Vitamin D and heart disease, the effectiveness of external defibrillators and more from the Orlando, Fla., meeting
Vitamin D for the heart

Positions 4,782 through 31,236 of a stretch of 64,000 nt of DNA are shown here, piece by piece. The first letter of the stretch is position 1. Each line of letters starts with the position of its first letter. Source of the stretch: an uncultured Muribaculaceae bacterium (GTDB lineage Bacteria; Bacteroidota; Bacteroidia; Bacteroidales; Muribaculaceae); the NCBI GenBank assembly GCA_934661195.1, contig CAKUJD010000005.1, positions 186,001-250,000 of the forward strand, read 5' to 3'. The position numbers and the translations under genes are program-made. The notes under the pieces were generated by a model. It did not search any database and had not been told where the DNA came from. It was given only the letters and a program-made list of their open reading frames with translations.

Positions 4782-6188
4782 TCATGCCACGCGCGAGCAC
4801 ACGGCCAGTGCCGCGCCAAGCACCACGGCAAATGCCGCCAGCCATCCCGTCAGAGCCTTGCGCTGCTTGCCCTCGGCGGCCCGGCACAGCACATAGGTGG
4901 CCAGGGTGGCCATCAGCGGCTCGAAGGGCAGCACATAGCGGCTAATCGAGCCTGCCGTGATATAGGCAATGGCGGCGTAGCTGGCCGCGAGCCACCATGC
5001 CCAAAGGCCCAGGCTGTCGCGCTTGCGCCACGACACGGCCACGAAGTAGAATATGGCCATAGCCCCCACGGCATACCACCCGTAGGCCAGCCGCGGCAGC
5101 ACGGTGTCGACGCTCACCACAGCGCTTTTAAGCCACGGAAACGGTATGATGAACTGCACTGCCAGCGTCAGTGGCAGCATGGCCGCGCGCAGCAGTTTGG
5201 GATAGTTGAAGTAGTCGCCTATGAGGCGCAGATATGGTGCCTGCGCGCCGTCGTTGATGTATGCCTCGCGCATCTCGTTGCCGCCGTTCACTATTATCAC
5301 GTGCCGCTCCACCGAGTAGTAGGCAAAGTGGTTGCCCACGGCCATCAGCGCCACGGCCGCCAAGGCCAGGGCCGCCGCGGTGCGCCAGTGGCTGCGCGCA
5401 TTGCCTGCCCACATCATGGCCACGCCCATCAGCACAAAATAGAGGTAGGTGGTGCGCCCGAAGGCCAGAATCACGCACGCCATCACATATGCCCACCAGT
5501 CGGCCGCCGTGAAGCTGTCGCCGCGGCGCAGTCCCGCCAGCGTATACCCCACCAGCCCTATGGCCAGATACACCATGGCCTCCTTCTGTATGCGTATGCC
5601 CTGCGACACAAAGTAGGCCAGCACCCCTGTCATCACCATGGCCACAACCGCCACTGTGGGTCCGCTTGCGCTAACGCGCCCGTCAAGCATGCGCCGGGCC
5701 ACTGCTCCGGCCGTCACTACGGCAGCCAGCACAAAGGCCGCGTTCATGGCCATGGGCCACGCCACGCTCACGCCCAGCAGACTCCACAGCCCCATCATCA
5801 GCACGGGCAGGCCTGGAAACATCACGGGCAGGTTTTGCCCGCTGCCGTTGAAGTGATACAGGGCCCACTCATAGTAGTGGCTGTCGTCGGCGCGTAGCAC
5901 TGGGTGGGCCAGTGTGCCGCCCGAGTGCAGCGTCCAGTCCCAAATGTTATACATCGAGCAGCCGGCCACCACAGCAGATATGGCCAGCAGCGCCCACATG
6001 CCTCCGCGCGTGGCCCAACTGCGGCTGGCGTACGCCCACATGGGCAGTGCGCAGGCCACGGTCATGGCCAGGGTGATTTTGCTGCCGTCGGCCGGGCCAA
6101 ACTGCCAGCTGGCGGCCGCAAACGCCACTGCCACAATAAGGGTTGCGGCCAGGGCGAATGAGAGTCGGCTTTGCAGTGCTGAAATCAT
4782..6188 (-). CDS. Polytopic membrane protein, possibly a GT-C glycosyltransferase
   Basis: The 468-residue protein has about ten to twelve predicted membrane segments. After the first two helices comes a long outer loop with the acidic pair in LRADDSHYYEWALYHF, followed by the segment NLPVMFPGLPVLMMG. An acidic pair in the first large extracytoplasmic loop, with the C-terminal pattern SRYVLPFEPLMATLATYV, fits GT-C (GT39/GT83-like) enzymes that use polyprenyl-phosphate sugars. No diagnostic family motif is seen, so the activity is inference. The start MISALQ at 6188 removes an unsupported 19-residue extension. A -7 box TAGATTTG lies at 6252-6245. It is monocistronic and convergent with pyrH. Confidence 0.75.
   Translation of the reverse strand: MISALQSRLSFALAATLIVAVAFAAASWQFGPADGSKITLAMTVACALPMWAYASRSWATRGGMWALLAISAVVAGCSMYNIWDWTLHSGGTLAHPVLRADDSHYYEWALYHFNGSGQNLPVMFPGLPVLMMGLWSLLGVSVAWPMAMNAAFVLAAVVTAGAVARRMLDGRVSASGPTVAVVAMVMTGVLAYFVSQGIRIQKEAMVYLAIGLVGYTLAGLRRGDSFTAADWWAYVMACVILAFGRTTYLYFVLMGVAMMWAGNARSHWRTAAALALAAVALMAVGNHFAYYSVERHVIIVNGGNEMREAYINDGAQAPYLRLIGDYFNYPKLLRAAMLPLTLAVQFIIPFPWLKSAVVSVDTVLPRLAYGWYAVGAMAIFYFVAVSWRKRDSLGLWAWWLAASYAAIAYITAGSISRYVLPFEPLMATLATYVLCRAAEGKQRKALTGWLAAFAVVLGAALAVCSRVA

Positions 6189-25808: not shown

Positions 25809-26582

Giving vitamin D to patients after they’ve survived a heart attack or a close call lowers their levels of two compounds implicated in heart disease. Yoav Arnson of Meir Medical Center in Kfar Saba, Israel, and colleagues identified 50 patients who had a heart attack or an episode of unstable angina — a cardiac red alert. All the patients were immediately started on standard drugs and half were randomly selected to also get 4,000 international units of vitamin D daily. After five days, the vitamin D group showed a decrease in the inflammation-causing compounds called vascular cell adhesion molecule-1 and interleukin-6. VCAM-1 is central to atherosclerotic plaque formation and IL-6 is broadly associated with coronary risk. Patients not getting vitamin D showed clear increases in both compounds during the five days. This could explain some of the vitamin’s cardio-protective properties, Arnson reported November 15.